Ginepro is tired of being left behind to cook supper for the brothers and wants to join them when they preach, so he and Giovanni cook all of the food that the Franciscans have accumulated into a broth that will last for two weeks. Francis, touched by this, grants Ginepro permission to preach, instructing him to begin each sermon with these words, "I talk and talk yet I accomplish little."

7 - How Brother Ginepro was judged on the gallows, and how his humility vanquished the ferocity of the tyrant Nicalaio.

This chapter focuses exclusively on Ginepro as he travels around Italy, trying to find someone who will listen to his preaching. He stumbles upon some children, who inform him that the tyrant Nicolaio has just occupied a neighbouring town. Excited by the new opportunity, Ginepro rushes to the village and attempts to preach to the barbarians. The barbarians, however, throw Ginepro around. It is in the midst of this abuse when Ginepro realises that he must preach not by words, but by example.

Ginepro is brought before the tyrant. The barbarians search him, and discover an awl and flint. Nicolaio, accusing Ginepro of being an assassin, orders the barbarians to beat Ginepro with clubs and prepare him for his execution. In mercy, the barbarians allow him to see a priest, who immediately recognizes him as a follower of Francis. The priest pleads with Nicolaio to spare Ginepro, but Nicolaio refuses; he was told that an assassin, disguised as a beggar, would kill him with an awl and flint, the very tools Ginepro possesses.

Nicolaio takes Ginepro into his tent and attempts to intimidate him to get the truth of the matter. As he gets increasingly flustered by Ginepro's humility, Nicolaio ultimately calls off the siege.

8 - How Brother Francis and Brother Leon experienced those things that are perfect happiness.

Perhaps the most famous chapter in I Fioretti, this parable explains how one can truly be happy. Francis and another Franciscan, Brother Leone, posit many scenarios that would be considered to bring happiness: restoring sight to the blind, healing the crippled, casting out demons, converting heretics, and the like. But after each scenario, Francis calmly explains that none of these acts would bring perfect happiness. Exasperated, Leone begs Francis finally to tell him what will really bring such happiness. Francis points to a building and hopes that the Lord will show them the perfect bliss Francis has in mind. They knock on the door and ask the peasant inside for alms. He refuses them, yet the friars persist, proclaiming that they wish to praise Jesus with him. The peasant drives the Franciscans out of the building, beating them with a club before leaving. Francis turns to Leone and explains that this is perfect happiness: to suffer and bear every evil deed out of love for Christ.

9 - How St. Francis left St. Mary of the Angels with his friars and traveled the world preaching peace.

Now it is time for the Franciscans to part, each called to go his own way to spread the message of the Gospel. They give away their land to the townsfolk and go to another town to give to the citizens all of their food. Once that's done, the friars take a moment to pray together one last time.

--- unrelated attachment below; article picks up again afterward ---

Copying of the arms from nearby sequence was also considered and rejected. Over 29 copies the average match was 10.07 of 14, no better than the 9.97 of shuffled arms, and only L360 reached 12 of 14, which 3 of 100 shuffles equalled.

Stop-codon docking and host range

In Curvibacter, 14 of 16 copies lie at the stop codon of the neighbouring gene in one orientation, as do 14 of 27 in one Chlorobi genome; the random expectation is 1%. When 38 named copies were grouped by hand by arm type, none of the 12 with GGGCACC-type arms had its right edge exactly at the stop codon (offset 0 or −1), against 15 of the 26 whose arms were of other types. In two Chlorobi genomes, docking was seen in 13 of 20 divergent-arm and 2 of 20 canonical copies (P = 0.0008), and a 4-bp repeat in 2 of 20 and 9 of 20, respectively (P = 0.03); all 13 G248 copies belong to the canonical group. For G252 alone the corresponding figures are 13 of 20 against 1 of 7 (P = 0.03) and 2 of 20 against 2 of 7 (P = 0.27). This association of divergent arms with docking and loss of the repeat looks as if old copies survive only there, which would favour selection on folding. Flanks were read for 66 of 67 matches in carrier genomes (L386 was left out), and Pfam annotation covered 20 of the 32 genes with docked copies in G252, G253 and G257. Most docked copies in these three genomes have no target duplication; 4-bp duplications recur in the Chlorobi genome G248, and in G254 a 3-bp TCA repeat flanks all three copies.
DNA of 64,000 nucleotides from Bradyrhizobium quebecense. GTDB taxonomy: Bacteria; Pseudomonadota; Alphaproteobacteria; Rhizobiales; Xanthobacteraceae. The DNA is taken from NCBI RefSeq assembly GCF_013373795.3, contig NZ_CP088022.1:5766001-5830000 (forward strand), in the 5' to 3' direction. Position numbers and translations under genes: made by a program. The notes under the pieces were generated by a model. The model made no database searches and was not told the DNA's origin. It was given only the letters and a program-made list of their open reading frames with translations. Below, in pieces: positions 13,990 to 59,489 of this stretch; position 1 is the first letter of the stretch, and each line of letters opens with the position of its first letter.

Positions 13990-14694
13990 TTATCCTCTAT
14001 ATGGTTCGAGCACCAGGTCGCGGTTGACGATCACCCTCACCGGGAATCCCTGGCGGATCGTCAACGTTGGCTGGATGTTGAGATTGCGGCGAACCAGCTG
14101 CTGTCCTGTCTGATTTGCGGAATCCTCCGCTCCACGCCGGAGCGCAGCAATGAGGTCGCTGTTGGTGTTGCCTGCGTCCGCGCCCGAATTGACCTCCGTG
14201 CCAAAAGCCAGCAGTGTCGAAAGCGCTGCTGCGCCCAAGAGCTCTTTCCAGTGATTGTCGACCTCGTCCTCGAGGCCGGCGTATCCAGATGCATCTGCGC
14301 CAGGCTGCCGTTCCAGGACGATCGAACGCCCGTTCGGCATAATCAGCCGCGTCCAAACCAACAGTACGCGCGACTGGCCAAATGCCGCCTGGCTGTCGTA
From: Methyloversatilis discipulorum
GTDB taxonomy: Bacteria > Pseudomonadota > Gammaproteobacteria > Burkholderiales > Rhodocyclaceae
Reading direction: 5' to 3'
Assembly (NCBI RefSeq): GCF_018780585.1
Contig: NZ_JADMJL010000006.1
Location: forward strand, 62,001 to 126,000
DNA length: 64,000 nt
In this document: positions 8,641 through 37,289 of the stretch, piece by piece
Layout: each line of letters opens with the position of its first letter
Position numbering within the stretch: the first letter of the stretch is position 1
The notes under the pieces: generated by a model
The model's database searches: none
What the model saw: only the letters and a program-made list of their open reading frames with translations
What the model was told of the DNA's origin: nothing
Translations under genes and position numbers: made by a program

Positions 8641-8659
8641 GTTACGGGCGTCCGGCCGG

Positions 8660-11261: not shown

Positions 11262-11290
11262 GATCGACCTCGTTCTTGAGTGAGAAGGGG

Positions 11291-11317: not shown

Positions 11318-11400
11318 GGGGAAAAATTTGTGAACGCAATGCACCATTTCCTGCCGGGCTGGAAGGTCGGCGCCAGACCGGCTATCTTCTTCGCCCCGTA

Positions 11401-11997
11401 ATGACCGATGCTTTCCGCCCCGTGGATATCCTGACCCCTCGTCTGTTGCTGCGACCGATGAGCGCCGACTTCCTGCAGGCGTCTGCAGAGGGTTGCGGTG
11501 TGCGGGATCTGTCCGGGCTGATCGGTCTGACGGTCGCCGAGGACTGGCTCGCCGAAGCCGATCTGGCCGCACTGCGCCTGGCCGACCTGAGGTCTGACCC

Francis leads the Franciscans into the woods, but they are unsure which direction to go. Francis instructs them to spin in circles until they fall over from dizziness. Whichever direction they face when they fall is the way they should go to preach. The Franciscans do just that, and they all depart, singing a chant as they travel the world to preach the peace of Christ.

Cast[edit]

Production[edit]

Rossellini had been working on a film about St. Francis for years and he later called this film his favorite of his own works.[3] Rossellini and Federico Fellini wrote a treatment of the film that was 28 pages long and contained only 71 lines of dialogue. It was partially inspired by such St. Francis legends as the Fioretti and Life of Brother Ginepro. Rossellini said that it was not intended to be a bio-pic, but would focus on one specific aspect of st. Francis's personality: his whimsy. Rossellini described this aspect of St. Francis as "The Jester of God."[4] The film was a series of episodes from St. Francis's life and contained no plot or character development. Rossellini received funding from Angelo Rizzoli and from the Vatican to make the film.[4] He cast the same Franciscan monks who had appeared in his earlier film Paisà.[3] All of the other actors were also non-professionals, except for Aldo Fabrizi.[5]

Filming began on January 17, 1950[3] in the Italian countryside between Rome and Bracciano. Fellini was not present during the shooting and Rossellini depended on help with the films dialogue from Brunello Rondi and Father Alberto Maisano.[5] During the shooting Rossellini's and Ingrid Bergman's son Renato was born on February 2, 1950, although he was not officially divorced until February 9.[6] The film extras brought ricotta to the newborn baby during the production.[7]

Release and reception[edit]

The film premiered at the 1950 Venice Film Festival, where it was screened before a packed audience and often applauded in the middle of certain scenes. However, critics gave the film mostly poor reviews. Guido Aristarco said that it displayed a formalist and false reality.[8] Pierre Laprohon said that "its most obvious fault is its lack of realism."[9] Years after its release, Marcel Oms called it a "monument of stupidity."[10] However, The New York Times film critic Bosley Crowther praised it. On its initial release, the movie earned less than $13,000 in Italy.[11]

Pier Paolo Pasolini said that it was "among the most beautiful in Italian cinema" and Andrew Sarris ranked it eighth on his ten-best film list. François Truffaut called it "the most beautiful film in the world."[10]

Although somewhat poorly received at the time, the film is now recognized as a classic of world cinema. It has been released on DVD by The Criterion Collection[12] and Masters of Cinema.

In 1995, the Vatican listed the film as one of the forty-five greatest films ever made.[13]

References[edit]

  1. ^ a b c d e f g "The Flowers of Saint Francis." IMDb. 2010 Wed. 12 Oct 2010 <https://www.imdb.com>
  2. ^ a b c d e f Bondanella, Peter. The Films of Roberto Rossellini. New York: Cambridge University Press, 1991. 16-17. Print.
  3. ^ a b c Gallagher, Tag. The Adventures of Roberto Rossellini. New York: Da Capo Press. 1998. ISBN 0-306-80873-0. pp. 340.
  4. ^ a b Gallagher. pp. 341.
  5. ^ a b Gallagher. pp. 342.
  6. ^ Gallagher. pp. 345.
  7. ^ Gallagher. pp. 346.
  8. ^ Gallagher. pp. 353.
  9. ^ Gallagher. pp. 354.
  10. ^ a b Gallagher. pp. 355.
  11. ^ Gallagher. pp. 356.
  12. ^ "The Flowers of St. Francis". The Criterion Collection. Retrieved 20 April 2016.
  13. ^ Steven D. Greydanus. "The Vatican Film List". Decent Films. Retrieved 20 April 2016.

External links[edit]